December 25th, 2017
Karin and I attended Midnight Mass at St. Rita. I stood in front of the congregation late last night to proclaim the Prayers of the Faithful. I made a mistake during one of the petitions. In the prayer, as written, we ask God, our Father-Forever, to “help your children” who are suffering on Christmas, especially those who are imprisoned. For whatever reason, I actually said “our children”. I guess I said it that way because I really was thinking about “our children”, at least about one child in particular. It was difficult to get through that prayer because it was all up close and personal. It hurt.
Yesterday afternoon Karin and I drove to the Kenosha County Jail. We went to visit our loved one. She was worried that we would not be able to come to her because it was Christmas Eve. I had called the jail earlier in the week and they told me that it didn’t matter that it was Christmas Eve. As far as they were concerned, it was just another Sunday afternoon. The drive to Kenosha was a little stressful. It had been snowing. The roads were slick and the drivers were stupid. We got there.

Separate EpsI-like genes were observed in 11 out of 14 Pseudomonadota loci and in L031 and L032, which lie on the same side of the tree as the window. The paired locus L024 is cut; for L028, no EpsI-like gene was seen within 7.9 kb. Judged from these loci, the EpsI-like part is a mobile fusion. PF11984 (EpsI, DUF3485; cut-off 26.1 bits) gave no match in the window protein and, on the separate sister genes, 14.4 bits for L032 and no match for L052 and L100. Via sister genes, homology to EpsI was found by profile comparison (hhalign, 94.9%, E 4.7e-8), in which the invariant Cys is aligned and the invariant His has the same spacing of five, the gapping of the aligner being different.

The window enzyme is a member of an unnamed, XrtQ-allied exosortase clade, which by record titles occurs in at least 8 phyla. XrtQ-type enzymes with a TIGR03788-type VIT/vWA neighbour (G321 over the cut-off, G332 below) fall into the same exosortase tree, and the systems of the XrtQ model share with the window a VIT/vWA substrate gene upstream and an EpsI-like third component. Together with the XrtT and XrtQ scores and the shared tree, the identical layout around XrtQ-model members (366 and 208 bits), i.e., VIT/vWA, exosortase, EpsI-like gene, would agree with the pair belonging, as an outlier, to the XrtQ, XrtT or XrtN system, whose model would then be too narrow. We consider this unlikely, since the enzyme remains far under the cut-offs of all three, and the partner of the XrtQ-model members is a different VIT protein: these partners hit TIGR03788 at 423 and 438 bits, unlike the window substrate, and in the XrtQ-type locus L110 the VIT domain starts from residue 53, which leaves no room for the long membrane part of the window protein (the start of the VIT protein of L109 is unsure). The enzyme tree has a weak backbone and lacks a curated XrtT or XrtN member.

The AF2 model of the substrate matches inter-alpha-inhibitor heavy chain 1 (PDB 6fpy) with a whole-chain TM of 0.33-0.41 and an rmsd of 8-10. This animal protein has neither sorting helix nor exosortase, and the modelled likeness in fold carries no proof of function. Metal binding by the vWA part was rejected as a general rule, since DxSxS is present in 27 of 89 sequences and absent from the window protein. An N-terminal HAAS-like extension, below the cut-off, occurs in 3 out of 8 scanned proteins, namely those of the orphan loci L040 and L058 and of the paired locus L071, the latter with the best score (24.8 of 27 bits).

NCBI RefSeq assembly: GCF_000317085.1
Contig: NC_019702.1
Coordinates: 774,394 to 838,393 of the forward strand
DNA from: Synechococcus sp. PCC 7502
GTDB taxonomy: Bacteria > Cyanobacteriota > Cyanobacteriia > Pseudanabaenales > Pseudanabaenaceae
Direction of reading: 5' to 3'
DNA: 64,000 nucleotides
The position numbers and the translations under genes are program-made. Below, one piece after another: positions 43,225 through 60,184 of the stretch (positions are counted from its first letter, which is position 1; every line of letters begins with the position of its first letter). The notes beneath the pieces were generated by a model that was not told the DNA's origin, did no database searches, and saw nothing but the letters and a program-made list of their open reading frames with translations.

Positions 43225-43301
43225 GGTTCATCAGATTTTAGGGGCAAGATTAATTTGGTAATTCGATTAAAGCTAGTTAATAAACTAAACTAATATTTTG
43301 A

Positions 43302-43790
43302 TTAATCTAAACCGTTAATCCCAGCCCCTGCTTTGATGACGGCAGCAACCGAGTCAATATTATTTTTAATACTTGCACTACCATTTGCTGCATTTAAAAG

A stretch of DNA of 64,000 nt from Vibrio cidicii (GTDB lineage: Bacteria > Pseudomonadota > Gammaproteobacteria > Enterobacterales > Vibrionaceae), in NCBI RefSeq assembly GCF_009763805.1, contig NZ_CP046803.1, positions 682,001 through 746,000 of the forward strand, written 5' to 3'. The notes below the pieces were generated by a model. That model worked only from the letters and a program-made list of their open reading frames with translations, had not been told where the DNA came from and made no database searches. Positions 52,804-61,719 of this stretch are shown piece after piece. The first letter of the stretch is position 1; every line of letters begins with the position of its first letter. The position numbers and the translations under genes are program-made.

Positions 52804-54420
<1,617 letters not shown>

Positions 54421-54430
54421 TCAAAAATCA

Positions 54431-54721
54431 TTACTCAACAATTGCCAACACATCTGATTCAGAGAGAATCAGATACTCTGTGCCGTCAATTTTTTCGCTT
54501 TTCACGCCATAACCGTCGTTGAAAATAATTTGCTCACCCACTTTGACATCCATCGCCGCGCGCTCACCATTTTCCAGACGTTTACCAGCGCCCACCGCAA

I had my ten minutes with our loved one. We talked shop. We talked about when she would get the results of her blood test (drug scan). We talked about her public defender. We talked about everything except Christmas. I refused to bring it up. It just seemed too painful for the loved one and for me. In a way it doesn’t matter what the jail does to celebrate Christmas with the inmates. Anything that the jail does is simply a reminder of what the inmates cannot do. It would seem best to just ignore the holiday. It would be easier to pretend that Christmas did not exist.
At the end of the prayer for those imprisoned, I asked God to let them “feel Your loving embrace”. Does our loved one feel that embrace? Do I feel it?